The second issue concerns the changes in law in the age of universal introduction of modern digital technologies. The object of legal regulation is transformed while the social role of law in streamlining social interactions remains the same. The functional impact of law, meanwhile, changes, which is reflected, first of all, in the dynamically developing sectoral legislation: civil [Sinitsyn S.A., 2020: 73-171], labor, ecological, administrative, educational, health care law, etc.
In particular, provisions concerning digital rights are added to Russia’s Civil Code while amendments to Russia’s Labor Code reflect the new modes of employment. Overall, one should keep watching sectoral legislation: although quite well developed, it needs modernization to ensure that individuals and organizations/businesses can easily interact with each other using electronic technologies.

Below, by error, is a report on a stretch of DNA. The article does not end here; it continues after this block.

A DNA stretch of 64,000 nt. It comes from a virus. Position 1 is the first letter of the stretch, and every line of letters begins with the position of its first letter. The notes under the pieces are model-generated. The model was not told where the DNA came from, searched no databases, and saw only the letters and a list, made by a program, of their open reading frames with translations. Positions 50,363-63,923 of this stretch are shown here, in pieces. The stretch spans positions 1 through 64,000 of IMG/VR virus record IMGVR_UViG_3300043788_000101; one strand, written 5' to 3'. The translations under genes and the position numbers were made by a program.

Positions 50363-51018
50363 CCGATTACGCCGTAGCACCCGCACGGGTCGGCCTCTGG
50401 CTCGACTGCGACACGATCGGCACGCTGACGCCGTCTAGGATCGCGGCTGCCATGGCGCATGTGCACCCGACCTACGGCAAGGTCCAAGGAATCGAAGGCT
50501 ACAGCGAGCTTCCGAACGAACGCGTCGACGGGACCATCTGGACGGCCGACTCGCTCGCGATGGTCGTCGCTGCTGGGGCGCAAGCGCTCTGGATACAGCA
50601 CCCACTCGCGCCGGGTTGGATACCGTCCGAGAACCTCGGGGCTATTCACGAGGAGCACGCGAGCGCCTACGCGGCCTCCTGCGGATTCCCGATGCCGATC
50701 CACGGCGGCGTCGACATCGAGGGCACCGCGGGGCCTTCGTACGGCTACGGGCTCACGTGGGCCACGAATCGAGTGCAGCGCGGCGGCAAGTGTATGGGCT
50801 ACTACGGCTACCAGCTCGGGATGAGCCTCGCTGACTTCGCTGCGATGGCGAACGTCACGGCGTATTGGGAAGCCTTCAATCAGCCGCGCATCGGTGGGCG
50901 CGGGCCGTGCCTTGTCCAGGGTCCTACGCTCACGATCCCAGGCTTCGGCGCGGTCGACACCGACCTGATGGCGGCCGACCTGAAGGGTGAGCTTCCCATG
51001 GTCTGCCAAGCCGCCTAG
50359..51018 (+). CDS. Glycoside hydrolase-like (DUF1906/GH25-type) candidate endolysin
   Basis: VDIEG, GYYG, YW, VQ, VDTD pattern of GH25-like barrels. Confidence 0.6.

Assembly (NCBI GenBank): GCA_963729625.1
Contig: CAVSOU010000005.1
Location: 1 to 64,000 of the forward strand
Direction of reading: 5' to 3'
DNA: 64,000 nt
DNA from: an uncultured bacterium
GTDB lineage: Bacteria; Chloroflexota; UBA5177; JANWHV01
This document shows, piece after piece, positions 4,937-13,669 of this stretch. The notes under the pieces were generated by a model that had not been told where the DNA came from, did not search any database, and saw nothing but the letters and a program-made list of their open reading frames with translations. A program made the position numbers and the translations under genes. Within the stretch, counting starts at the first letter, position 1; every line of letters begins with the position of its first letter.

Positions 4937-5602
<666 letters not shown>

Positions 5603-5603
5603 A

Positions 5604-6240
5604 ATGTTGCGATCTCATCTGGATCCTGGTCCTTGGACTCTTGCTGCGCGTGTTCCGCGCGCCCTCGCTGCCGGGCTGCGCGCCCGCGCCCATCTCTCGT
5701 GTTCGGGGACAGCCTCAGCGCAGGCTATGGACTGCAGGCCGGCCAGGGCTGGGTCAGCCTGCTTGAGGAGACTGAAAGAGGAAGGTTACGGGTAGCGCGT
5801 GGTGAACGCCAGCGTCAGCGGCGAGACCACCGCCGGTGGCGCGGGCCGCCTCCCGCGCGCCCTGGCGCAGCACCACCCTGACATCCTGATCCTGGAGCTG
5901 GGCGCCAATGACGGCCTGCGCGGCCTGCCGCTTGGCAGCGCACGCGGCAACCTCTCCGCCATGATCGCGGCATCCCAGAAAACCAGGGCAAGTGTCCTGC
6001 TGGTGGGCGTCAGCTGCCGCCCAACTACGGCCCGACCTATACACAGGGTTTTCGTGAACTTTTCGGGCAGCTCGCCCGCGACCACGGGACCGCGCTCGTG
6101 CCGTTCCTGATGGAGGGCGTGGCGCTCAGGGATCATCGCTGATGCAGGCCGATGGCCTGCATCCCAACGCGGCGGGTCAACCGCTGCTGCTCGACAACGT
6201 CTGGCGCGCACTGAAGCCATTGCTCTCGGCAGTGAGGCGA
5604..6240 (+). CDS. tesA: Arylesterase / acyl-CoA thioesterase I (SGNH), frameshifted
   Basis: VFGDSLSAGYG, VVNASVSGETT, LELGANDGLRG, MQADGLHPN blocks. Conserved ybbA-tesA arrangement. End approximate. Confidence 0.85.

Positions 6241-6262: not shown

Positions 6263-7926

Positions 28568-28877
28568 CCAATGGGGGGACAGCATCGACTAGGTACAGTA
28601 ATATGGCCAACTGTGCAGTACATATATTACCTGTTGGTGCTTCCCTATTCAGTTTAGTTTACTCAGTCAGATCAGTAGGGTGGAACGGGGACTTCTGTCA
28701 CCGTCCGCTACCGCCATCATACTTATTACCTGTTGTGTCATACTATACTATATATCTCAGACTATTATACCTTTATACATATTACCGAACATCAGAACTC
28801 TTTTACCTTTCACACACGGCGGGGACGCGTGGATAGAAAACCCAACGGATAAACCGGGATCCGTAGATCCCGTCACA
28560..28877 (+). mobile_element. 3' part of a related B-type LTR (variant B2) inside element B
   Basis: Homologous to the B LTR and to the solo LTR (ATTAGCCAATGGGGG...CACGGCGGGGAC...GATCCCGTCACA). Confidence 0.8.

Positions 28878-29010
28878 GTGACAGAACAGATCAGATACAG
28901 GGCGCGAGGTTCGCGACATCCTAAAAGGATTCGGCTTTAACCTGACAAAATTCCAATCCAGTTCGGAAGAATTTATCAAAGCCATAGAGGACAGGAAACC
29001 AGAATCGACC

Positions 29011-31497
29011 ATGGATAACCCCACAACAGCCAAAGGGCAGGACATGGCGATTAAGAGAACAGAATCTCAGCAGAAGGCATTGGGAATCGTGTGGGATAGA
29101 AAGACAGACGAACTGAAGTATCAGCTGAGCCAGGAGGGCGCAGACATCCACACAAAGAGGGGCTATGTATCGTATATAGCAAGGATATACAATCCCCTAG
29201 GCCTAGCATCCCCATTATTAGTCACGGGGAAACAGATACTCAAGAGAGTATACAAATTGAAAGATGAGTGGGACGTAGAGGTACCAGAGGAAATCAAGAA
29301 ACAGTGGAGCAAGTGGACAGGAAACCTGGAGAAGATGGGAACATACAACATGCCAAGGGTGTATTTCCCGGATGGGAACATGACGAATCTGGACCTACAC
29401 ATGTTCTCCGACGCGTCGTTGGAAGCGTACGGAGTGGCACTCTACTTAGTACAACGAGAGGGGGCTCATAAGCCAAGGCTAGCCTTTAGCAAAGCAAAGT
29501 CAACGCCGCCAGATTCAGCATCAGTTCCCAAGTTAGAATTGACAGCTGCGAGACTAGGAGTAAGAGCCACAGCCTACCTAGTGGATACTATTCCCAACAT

In addition to sectoral legislation, one would want to point to the recent legal acts of general nature creating a basis for digitization. The Strategy for Developing an Information Society in the Russian Federation for 2017- 2030 was created yet in 20171; impressive state program Information Society is afoot2; the National Strategy for Developing Artificial Intelligence for the Period until 2030 was adopted;3 a special legislation about digital financial assets is in place4. All this bodes well for the introduction of digital technologies into everyday use. The process is not easy because each sphere has a large stream of regulatory paperwork, including technical standards. Because these regulatory documents are very important, the modernization thereof is of the highest priority. Changes to some regulatory instruments, however, are introduced very quickly and without any concern for other related instruments, while updates to some other regulations are obviously slower to come about, so systematic updating is the objective to pursue.